This is how Alfred Mdeizi Sagwa and his wife Rose Kavulani Sagwa (known as "Mam'dogo"), a neighbor Tom Jeseremi, Isabelle Vandeplas and her husband Georges-Edouard Lelievre-Douyon together founded Happy Home. While they were very busy organizing the legal issues with the Kenyan government and transforming the clinic into a home, a team of enthusiastic people in Belgium (Christian Vandeplas, Hilde Keunen and Roel Merckx) started fund-raising.

In November 2006, all ingredients were there to welcome the first children.

      Isabelle - Rose - Tom - Edouard - Alfred

The Children

The Happy Home Children

Who Are Our Children?

Happy Home’s mission is to support the most underprivileged children in and around Stella. This means the Home not only cares for orphans but also children “in danger,” as determined by local social services.

Happy Home provides a safe, caring and happy home for its children in need, as well as regular meals and ongoing, varied education. The Home’s aim is to give these children a chance to become healthy, happy, well-adjusted people who will one day fully reintegrate back into their respective communities.

The Happy Home team recognizes that the orphanage is not always the only option and therefore works continuously with the local authorities and community members to find solutions that enable endangered and orphaned children to stay in their own families and communities. The team also sees to it that siblings and children with familial ties are not separated and instead stay and grow together.

Happy Home gives priority to the most urgent cases without any ethnic, linguistic or religious discrimination whatsoever.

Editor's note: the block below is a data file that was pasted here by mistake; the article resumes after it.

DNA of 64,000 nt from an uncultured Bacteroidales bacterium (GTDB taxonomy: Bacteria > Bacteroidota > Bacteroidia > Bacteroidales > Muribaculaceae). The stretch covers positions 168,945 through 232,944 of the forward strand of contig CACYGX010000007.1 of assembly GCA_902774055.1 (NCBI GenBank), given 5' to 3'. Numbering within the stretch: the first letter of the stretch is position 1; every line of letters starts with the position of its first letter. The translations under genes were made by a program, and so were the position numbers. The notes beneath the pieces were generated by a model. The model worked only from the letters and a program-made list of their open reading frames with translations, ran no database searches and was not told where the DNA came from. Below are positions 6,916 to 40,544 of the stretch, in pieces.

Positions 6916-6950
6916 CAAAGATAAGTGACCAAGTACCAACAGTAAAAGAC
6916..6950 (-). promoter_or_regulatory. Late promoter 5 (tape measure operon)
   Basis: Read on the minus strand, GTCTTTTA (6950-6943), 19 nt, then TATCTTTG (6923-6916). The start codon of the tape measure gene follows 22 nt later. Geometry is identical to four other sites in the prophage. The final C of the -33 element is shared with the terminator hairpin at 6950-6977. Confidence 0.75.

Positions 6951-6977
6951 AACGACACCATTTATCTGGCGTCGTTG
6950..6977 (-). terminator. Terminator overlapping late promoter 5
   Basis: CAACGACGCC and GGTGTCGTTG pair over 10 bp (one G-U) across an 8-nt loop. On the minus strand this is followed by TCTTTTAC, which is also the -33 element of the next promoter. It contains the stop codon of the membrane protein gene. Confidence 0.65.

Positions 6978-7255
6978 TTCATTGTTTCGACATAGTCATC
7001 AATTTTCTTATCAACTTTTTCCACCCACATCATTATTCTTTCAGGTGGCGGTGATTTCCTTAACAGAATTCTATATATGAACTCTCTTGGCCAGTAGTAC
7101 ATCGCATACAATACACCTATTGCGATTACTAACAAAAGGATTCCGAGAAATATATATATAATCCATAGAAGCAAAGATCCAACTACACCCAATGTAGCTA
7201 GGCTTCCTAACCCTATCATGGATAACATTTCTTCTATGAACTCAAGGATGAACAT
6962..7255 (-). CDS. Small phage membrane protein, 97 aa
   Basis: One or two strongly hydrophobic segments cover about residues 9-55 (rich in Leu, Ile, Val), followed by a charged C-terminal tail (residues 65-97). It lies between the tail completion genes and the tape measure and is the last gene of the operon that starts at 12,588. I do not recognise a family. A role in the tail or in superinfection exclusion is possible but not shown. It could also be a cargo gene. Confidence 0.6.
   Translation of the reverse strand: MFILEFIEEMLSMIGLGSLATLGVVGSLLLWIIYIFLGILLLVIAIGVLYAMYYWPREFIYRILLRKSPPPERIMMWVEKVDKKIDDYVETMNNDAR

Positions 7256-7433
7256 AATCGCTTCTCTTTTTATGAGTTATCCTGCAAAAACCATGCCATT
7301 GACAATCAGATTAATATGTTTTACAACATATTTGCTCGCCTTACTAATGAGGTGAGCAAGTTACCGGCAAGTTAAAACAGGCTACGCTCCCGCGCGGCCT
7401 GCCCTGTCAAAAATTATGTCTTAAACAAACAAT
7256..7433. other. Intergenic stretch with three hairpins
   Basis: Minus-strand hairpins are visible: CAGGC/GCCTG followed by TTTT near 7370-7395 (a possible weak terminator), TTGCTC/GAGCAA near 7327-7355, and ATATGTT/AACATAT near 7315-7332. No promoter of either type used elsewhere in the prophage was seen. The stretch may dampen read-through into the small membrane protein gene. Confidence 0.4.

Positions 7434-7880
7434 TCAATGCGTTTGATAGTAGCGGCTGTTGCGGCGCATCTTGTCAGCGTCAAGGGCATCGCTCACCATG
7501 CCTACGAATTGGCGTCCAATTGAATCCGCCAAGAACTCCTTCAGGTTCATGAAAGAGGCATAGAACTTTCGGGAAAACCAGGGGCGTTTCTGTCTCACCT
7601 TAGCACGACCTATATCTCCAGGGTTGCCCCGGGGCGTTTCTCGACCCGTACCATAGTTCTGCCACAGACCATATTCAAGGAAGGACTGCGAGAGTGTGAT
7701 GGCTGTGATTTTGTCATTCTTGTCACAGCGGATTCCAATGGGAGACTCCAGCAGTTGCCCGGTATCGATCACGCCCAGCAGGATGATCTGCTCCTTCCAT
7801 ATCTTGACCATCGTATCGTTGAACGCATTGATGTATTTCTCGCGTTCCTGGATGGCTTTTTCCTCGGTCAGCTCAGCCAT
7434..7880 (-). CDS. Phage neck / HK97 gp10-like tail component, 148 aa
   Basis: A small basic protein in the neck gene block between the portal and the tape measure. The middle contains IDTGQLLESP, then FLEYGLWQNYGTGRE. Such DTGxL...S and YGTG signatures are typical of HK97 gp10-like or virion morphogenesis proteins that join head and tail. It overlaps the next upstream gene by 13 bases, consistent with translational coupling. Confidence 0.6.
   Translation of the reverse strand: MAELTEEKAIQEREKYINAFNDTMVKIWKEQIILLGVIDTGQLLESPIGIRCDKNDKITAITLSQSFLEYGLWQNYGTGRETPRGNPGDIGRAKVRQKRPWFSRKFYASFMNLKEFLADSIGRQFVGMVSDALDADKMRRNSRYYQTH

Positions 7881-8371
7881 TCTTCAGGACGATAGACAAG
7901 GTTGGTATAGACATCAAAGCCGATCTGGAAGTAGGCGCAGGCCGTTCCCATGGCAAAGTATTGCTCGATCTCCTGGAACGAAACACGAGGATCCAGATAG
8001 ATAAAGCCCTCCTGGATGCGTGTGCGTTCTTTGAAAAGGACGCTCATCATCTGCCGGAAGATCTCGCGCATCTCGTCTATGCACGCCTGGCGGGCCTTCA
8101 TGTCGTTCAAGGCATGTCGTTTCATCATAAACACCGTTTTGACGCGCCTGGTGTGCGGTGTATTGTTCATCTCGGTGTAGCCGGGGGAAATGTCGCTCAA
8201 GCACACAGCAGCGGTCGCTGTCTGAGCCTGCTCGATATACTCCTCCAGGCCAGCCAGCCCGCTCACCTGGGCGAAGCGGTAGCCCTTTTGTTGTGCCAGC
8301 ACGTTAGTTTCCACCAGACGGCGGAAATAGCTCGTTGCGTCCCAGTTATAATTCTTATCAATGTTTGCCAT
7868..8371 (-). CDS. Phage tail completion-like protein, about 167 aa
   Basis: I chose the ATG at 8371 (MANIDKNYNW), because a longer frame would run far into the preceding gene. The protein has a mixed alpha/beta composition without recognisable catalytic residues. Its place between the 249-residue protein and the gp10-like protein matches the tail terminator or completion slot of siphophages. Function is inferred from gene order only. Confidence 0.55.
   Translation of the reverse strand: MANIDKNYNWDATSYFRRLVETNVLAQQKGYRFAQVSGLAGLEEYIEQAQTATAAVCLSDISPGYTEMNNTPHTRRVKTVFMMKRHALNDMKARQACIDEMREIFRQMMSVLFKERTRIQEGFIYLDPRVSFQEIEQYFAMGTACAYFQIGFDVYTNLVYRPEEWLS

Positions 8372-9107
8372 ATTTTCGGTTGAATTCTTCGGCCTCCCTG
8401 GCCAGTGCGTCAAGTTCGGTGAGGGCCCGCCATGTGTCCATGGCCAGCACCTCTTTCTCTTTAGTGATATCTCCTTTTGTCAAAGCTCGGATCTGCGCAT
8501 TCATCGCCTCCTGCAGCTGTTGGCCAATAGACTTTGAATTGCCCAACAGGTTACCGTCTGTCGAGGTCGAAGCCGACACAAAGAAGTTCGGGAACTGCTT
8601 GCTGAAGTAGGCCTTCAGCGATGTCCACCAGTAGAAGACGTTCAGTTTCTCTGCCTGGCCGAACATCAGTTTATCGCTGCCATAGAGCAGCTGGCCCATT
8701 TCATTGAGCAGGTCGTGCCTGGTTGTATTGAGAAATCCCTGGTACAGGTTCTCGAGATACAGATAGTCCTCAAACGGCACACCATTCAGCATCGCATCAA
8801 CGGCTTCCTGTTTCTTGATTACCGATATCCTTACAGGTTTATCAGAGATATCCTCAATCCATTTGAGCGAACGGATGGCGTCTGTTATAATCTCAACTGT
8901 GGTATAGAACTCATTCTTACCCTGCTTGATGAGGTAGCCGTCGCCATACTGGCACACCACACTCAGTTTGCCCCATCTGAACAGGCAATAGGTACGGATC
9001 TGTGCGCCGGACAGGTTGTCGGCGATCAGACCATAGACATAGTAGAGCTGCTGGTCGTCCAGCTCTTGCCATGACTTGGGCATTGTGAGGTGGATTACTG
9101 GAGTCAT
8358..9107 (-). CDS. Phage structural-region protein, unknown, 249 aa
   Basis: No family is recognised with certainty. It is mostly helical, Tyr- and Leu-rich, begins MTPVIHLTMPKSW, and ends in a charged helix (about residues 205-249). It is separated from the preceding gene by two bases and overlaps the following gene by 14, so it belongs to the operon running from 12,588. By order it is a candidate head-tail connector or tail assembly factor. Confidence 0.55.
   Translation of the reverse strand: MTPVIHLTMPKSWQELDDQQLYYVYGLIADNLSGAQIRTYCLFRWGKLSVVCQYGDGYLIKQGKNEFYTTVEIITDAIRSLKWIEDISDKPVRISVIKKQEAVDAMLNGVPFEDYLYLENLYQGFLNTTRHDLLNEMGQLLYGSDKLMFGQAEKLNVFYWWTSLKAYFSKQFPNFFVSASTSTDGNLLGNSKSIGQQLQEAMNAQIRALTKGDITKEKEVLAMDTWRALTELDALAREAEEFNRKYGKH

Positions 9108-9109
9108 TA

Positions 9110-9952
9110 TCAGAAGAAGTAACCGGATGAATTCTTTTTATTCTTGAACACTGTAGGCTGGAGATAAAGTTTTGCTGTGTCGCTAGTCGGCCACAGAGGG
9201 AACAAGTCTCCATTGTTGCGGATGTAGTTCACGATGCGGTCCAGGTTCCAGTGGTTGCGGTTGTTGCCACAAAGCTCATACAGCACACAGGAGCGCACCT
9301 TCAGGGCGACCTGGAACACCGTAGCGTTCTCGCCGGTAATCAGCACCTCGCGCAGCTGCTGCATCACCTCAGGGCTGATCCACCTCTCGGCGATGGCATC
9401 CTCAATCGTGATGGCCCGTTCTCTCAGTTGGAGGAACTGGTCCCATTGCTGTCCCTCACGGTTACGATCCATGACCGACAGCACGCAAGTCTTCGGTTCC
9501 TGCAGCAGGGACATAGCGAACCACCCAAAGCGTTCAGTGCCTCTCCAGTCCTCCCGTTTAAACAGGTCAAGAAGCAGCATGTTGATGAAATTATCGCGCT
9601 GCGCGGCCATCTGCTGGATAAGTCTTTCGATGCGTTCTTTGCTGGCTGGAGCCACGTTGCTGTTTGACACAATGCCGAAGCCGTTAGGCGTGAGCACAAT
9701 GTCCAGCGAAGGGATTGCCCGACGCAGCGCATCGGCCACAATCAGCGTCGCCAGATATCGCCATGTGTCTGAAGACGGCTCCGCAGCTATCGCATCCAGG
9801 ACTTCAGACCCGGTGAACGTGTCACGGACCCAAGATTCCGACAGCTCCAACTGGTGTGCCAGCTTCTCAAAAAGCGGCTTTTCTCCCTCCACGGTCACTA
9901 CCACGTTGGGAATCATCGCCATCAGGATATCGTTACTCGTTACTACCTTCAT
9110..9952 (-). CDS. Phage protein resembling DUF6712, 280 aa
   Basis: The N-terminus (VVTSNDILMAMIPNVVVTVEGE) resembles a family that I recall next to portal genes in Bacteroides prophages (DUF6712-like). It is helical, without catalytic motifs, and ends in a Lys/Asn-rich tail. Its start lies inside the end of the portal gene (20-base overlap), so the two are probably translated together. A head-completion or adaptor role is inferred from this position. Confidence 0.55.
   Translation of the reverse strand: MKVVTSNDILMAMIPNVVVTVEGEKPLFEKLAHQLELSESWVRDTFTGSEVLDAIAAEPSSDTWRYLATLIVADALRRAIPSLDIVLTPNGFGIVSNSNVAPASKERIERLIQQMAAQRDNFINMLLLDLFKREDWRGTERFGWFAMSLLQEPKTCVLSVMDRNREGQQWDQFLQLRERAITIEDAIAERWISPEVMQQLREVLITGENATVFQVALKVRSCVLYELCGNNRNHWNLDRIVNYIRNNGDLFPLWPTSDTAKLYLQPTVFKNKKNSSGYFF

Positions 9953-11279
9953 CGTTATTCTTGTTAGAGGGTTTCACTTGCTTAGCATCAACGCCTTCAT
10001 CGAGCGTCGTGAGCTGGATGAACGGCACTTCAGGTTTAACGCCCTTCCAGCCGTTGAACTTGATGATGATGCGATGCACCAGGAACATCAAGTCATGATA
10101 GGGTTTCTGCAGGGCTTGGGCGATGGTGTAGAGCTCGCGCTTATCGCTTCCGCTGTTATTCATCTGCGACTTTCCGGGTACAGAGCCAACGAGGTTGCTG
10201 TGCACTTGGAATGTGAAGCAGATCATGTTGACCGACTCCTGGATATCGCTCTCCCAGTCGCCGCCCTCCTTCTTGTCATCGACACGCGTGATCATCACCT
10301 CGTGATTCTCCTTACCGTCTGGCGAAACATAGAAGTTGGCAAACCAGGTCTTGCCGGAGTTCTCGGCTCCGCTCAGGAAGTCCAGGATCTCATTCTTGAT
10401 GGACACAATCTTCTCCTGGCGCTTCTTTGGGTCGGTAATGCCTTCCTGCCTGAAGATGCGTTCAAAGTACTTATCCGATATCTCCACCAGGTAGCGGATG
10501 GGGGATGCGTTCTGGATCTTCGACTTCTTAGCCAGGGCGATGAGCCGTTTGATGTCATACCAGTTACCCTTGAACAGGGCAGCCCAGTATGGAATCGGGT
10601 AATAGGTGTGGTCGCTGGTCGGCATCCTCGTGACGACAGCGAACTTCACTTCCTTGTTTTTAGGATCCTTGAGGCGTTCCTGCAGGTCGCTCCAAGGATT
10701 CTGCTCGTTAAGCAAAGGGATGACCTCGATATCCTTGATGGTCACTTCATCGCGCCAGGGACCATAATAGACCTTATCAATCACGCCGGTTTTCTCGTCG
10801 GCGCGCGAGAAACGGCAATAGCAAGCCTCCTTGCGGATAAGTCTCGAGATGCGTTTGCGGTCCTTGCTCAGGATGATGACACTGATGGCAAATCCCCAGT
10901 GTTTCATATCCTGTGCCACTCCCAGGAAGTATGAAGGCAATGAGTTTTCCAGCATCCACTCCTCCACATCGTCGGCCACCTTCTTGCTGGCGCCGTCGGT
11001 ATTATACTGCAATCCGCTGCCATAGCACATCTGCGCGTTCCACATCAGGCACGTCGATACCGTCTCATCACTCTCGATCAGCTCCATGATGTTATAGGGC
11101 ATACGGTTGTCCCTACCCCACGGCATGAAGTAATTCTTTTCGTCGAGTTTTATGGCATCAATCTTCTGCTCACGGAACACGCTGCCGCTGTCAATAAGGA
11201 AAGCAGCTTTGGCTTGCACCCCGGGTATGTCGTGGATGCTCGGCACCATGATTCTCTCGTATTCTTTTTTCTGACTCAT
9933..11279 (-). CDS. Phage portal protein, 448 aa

Housing and Dressing our Kids

A member of the Happy Home team takes inventory of clothes donations and appropriately distributes the clothes to each child based on each child’s need. Every Happy Home child has his or her own closet and is in charge of his own “wardrobe.”

Boys and girls sleep in different dormitories and the elder kids help the younger ones, as a big group of brothers and sisters



Educating our children

Happy Home aims to provide each child with an education through curriculum-based school classes and educates the children from nursery through primary school. Thereafter, depending on each child’s abilities and aptitudes, they continue on to a community secondary school or pursue professional training. To increase the children’s chances of success, Happy Home brings in tutors after school to supervise and help with homework.

The Kenyan school system is based on the British system. Pre-nursery begins at the age of two and nursery at the age of four or five. Children begin primary school at seven years, and follow Standard 1 to 8.

The national exam at the end of primary school determines admission to secondary school. The best students have access to the national institutes – Happy Home’s children are no exception – with the other achievers going to provincial, district and village-level school.

Secondary school is comprised of four years, from Form 1 to 4 and, again, ends with a national exam, which determines possible admission to colleges and universities.
résultats à cet examen.

The Kenyan government believes that all Kenyan children should have equal access to education and encourages families to send their children to school by keeping school fees low until the end of primary. Unfortunately school fees sky rocket for secondary school, which inevitably limits access.

Through donations and fundraising, Happy Home puts money in trust to ensure that its many bright children will have the opportunity to pursue their education after primary if they so desire.

Free Time and Chores

The Happy Home team aims to create a healthy, supportive environment for its children, while being respectful of local traditions and customs. One of the challenges at Happy Home is to balance having fun (something the kids at Happy Home do well!) with learning and implementing traditional cultural practices.